To develop and implement successfully future-oriented collaborative and open innovation processes, businesses rely on strategic economic and business intelligence in order

  • to generate common visions about longer-term market and
    technological developments,
  • to derive promising new products and services and define
    future business models, and
  • to develop and agree on joint innovation projects with
    external strategic partners.

Thus, in a world of open innovation, future-oriented technology analyses – comprising foresight and technology assessment activities – are decisive for strategic knowledge generation and transferring it into new products and services. The faster and easier businesses gain access to strategic knowledge and integrate it in their company strategy, the more successful they will be. This becomes evident in ‘business ecosystems’ where businesses co-evolve their capabilities around new technologies and jointly design a kind of ‘mass customization’ of new products and services to satisfy individual customer needs and to succeed in the worldwide ‘competition for the future’. Though, many enterprises (in particular SMEs) mostly rely on more easily accessible, short-term market information (e.g. from their clients). They often do not know how to sustainably
realise their full market potential by

  • thinking and acting more in a longer-term perspective and
  • developing strategic alliances and networks.

Due to restricted internal resources, most of them would have to use external strategic knowledge if they realise the need to change their business-as-usual approaches. In this context, strategic cluster support instruments can help these enterprises meet future challenges and support strategic capacity building in the region. Strategic cluster support combines forward- and outward-looking approaches (e.g. in cluster foresight type activities) to facilitate knowledge creation processes contributing to long-term competitiveness and sustainable economic development. Specifically, it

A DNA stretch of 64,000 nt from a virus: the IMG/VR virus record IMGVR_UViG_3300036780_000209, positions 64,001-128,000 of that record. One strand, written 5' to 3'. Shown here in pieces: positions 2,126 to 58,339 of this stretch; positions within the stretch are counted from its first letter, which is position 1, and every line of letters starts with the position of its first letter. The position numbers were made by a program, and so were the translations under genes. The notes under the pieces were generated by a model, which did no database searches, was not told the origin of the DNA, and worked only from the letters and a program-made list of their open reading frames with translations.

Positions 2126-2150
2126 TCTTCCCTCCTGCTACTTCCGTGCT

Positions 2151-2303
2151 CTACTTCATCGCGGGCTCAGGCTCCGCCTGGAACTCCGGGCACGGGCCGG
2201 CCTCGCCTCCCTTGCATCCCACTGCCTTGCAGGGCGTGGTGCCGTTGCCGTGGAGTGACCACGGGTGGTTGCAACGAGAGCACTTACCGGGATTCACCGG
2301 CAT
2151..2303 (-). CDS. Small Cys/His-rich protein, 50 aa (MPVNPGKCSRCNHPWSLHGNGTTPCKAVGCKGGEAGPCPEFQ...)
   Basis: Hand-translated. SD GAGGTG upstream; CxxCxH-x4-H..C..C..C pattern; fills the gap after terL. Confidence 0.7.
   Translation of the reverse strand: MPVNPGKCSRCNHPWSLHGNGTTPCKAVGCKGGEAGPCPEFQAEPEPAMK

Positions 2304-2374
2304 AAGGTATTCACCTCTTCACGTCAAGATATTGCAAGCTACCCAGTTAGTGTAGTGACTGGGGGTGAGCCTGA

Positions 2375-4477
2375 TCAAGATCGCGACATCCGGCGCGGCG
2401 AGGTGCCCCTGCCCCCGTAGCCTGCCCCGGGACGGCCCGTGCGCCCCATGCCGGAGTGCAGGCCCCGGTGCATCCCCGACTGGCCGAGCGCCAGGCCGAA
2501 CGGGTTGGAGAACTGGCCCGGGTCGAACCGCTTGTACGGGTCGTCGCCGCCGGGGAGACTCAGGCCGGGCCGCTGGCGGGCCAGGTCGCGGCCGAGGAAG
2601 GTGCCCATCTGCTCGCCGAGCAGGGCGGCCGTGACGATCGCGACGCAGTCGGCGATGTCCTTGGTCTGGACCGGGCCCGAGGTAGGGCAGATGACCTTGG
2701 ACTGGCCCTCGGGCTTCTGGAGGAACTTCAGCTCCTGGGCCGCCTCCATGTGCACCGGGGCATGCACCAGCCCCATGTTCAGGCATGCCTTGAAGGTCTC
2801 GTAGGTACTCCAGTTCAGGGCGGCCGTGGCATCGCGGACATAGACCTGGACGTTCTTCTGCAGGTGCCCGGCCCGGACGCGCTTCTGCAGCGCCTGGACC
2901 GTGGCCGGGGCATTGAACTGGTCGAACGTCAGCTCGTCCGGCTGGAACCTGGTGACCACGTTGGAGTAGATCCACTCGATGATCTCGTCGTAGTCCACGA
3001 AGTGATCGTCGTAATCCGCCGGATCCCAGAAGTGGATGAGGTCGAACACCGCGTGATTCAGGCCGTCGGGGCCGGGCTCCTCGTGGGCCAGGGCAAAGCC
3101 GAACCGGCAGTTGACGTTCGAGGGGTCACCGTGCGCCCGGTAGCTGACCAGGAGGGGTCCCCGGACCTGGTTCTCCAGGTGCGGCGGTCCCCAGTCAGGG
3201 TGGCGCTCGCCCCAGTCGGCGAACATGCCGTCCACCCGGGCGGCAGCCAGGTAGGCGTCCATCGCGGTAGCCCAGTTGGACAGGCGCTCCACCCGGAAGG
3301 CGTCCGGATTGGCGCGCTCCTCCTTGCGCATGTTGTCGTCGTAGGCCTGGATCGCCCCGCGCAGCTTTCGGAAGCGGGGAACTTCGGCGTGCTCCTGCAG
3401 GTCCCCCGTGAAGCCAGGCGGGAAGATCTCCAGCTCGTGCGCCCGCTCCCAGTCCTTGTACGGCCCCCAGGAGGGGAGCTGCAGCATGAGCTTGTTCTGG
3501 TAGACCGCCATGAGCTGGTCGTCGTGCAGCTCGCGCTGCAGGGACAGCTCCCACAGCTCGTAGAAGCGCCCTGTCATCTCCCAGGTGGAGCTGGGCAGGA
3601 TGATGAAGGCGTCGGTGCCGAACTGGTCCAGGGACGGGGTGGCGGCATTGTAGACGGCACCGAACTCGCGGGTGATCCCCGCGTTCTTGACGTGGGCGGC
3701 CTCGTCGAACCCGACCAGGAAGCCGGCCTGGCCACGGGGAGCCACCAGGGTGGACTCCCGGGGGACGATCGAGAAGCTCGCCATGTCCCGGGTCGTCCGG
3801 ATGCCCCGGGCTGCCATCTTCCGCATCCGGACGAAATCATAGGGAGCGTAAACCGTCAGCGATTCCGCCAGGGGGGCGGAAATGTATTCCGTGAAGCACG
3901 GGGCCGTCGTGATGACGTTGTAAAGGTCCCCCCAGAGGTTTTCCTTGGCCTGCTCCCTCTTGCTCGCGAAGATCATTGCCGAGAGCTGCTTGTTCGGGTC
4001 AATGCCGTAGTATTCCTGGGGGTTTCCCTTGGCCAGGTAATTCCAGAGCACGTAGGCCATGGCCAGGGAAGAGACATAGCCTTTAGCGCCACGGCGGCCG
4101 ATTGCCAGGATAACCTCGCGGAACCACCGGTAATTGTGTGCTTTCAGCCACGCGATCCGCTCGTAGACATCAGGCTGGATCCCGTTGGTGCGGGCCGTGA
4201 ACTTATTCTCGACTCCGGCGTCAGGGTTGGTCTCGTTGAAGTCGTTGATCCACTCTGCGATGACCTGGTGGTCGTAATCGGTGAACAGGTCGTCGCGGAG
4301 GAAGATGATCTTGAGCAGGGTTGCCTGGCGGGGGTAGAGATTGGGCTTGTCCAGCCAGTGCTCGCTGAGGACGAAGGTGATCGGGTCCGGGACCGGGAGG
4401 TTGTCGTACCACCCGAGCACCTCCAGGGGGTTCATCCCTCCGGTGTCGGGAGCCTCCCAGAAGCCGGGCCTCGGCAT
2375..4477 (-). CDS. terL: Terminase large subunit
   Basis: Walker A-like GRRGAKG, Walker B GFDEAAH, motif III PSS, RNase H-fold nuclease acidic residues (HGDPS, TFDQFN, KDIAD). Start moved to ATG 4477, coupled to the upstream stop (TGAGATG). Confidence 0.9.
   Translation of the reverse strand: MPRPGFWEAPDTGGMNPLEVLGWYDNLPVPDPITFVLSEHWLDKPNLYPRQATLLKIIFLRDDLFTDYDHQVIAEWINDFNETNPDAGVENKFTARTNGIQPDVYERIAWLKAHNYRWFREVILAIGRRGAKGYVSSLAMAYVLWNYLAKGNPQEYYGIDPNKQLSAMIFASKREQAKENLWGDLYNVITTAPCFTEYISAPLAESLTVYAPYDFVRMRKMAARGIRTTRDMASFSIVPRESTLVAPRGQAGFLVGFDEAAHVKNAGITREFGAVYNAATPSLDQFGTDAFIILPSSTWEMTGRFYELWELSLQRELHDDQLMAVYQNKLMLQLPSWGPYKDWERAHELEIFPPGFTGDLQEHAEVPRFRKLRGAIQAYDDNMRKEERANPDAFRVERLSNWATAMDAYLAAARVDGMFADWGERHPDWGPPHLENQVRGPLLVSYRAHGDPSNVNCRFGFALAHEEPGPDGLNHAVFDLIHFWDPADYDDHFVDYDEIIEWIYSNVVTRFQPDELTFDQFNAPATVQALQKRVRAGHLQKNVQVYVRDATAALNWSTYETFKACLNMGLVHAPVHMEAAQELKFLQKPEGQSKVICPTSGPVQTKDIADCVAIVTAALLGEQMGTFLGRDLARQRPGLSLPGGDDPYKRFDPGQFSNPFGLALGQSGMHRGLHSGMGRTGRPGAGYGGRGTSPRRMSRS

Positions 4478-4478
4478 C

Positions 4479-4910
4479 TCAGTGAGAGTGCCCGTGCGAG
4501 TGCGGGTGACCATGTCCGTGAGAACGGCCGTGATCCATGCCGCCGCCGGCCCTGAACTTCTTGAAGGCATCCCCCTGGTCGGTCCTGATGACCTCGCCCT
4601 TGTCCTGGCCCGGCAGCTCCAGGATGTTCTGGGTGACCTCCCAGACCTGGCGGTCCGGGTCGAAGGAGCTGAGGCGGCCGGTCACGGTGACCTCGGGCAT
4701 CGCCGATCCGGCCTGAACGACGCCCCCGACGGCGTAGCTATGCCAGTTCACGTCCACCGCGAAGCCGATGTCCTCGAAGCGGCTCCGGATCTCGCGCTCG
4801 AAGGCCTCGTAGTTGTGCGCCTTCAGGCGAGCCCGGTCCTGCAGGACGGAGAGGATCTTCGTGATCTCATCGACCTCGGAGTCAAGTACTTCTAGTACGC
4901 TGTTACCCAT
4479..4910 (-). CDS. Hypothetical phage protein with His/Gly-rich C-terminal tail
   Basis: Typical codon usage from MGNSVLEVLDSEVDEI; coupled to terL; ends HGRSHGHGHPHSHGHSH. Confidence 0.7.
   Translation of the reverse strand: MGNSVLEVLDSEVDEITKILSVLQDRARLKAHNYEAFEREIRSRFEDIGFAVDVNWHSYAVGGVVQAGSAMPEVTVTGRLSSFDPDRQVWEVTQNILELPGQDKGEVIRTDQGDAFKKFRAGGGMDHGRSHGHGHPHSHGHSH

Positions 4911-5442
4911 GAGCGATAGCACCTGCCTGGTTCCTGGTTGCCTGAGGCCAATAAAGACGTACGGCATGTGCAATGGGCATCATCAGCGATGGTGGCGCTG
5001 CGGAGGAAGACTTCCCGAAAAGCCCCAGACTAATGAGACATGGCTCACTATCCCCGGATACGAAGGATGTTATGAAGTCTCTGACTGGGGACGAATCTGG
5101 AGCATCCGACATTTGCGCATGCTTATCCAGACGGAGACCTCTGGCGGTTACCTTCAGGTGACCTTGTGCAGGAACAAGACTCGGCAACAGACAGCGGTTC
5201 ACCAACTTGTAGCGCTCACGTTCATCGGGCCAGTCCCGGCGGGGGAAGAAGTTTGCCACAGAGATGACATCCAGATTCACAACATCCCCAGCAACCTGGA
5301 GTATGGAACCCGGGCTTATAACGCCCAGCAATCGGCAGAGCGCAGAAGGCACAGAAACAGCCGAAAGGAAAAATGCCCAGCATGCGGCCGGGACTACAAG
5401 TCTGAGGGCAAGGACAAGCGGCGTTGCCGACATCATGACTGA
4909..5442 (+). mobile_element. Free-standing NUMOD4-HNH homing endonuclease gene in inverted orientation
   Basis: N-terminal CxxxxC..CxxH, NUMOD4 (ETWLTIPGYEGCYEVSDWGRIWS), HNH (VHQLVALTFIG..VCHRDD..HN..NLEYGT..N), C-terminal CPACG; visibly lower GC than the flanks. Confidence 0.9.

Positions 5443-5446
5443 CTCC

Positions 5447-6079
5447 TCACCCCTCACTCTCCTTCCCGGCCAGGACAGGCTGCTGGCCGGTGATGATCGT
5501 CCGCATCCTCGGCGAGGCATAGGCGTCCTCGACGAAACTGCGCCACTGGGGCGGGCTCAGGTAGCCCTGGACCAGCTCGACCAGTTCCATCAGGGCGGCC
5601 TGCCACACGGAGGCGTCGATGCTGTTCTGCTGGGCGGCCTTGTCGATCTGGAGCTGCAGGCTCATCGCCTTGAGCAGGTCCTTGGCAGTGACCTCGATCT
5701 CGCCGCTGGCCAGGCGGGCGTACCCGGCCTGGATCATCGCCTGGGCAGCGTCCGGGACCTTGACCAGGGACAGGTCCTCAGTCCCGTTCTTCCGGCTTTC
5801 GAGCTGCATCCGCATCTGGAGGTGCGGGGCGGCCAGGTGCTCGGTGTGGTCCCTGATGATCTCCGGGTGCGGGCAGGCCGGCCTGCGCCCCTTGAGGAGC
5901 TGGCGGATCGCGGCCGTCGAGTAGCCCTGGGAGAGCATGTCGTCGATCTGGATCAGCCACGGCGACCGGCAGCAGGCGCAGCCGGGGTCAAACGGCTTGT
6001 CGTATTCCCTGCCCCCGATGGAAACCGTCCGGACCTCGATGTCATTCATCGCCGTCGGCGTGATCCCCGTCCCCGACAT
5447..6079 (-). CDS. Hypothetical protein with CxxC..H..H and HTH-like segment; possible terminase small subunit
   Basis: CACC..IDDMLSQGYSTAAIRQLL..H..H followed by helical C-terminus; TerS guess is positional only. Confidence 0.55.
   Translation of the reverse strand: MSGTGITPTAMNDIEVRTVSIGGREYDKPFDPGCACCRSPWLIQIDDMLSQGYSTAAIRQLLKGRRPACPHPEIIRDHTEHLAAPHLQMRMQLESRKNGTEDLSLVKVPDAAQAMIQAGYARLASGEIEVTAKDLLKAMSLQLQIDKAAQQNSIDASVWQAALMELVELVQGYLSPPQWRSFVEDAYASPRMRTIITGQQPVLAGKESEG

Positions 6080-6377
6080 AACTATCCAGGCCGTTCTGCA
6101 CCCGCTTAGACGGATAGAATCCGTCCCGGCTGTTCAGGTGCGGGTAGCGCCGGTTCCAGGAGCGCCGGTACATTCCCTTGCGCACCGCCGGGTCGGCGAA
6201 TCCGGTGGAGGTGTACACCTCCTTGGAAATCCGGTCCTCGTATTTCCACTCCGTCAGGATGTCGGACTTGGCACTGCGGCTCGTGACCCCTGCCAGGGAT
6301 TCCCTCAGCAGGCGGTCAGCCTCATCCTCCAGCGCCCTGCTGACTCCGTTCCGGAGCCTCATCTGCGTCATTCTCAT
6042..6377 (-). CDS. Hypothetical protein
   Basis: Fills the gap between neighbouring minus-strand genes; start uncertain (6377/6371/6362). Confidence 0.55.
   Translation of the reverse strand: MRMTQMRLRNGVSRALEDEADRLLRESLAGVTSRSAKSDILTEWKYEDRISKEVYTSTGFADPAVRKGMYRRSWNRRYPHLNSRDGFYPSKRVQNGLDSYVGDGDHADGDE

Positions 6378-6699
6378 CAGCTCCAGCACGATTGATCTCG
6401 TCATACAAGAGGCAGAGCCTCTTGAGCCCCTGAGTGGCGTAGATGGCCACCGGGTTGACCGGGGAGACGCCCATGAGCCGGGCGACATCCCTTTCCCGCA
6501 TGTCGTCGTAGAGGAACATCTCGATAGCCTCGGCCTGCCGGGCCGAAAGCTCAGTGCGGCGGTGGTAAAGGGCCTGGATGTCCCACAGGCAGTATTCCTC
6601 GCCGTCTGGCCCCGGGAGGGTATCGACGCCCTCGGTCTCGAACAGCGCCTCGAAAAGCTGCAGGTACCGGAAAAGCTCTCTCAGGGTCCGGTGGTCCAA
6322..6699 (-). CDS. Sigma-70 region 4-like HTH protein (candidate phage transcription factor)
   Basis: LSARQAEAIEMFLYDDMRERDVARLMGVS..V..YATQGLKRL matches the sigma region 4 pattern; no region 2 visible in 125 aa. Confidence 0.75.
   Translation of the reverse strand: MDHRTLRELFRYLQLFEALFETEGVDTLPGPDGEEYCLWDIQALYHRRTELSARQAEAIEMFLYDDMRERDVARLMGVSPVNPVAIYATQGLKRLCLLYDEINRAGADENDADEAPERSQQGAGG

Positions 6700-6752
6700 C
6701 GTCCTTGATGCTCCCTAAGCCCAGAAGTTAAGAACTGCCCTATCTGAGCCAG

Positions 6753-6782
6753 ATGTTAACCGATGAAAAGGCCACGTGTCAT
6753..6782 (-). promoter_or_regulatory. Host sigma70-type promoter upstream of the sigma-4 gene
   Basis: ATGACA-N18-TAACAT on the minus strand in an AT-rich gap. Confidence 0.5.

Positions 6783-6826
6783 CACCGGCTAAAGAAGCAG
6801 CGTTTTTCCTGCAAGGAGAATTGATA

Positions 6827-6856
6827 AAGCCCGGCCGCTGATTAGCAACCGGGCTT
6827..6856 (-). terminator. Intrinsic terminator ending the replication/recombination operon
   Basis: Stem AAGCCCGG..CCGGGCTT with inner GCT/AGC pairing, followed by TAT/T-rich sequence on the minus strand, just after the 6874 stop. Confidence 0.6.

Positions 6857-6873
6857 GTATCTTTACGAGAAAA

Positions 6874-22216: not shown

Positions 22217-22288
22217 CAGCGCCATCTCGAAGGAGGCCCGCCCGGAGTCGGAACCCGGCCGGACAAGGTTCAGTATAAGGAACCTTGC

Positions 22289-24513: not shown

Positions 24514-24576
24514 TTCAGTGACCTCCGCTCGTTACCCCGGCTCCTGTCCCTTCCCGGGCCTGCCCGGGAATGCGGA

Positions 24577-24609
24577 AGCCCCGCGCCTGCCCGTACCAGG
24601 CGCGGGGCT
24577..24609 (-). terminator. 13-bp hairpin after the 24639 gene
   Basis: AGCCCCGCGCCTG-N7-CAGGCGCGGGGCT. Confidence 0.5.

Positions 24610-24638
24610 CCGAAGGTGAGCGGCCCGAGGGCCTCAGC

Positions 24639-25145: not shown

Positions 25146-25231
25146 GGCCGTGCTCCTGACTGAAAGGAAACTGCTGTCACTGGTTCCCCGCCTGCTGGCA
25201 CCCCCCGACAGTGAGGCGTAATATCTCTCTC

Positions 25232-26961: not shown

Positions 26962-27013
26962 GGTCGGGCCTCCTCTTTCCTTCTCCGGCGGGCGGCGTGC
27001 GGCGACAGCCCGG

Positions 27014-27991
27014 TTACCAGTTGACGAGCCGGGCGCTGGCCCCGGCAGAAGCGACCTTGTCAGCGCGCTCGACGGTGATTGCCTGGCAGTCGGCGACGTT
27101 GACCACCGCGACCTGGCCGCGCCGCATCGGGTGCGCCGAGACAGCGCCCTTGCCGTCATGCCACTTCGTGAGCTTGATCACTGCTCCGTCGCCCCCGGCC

• promotes knowledge exchange and strategic learning processes between cluster stakeholders in order to create a localised and unique knowledge stock,
  • facilitates cross-cluster, trans-regional and transdisciplinary knowledge flows and strategic business linkages to enrich and refresh the local knowledge pool with external impulses and to leverage complementary assets
    and capabilities of clusters in different regions, and enables cross-cluster policy learning and pursuit of common aspects of strategic cluster policies.

Orchestrating Business and Cluster Strategies

The sustainable success of cluster development depends substantially on the concerted actions of many different actors – multiple levels of government and public agencies, companies, educational and research organisations etc. In this context, it is crucial to develop a common vision and to  implement a cluster strategy that

  • reflects the specific needs of the cluster stakeholders,
  • focuses on the most promising international technology and market development perspectives, and
  • integrates a broad range of (European, national and regional) public policies and private sector activities.

Combining forward- and outward-looking approaches also means

  • to provide the regional stakeholders with strategic longerterm orientation by taking stock of available strategic knowledge from both public (e.g. regional foresight) and private actors (e.g. from corporate foresight or roadmapping activities in large companies) and
  • to align business strategies and longer-term regional cluster strategies.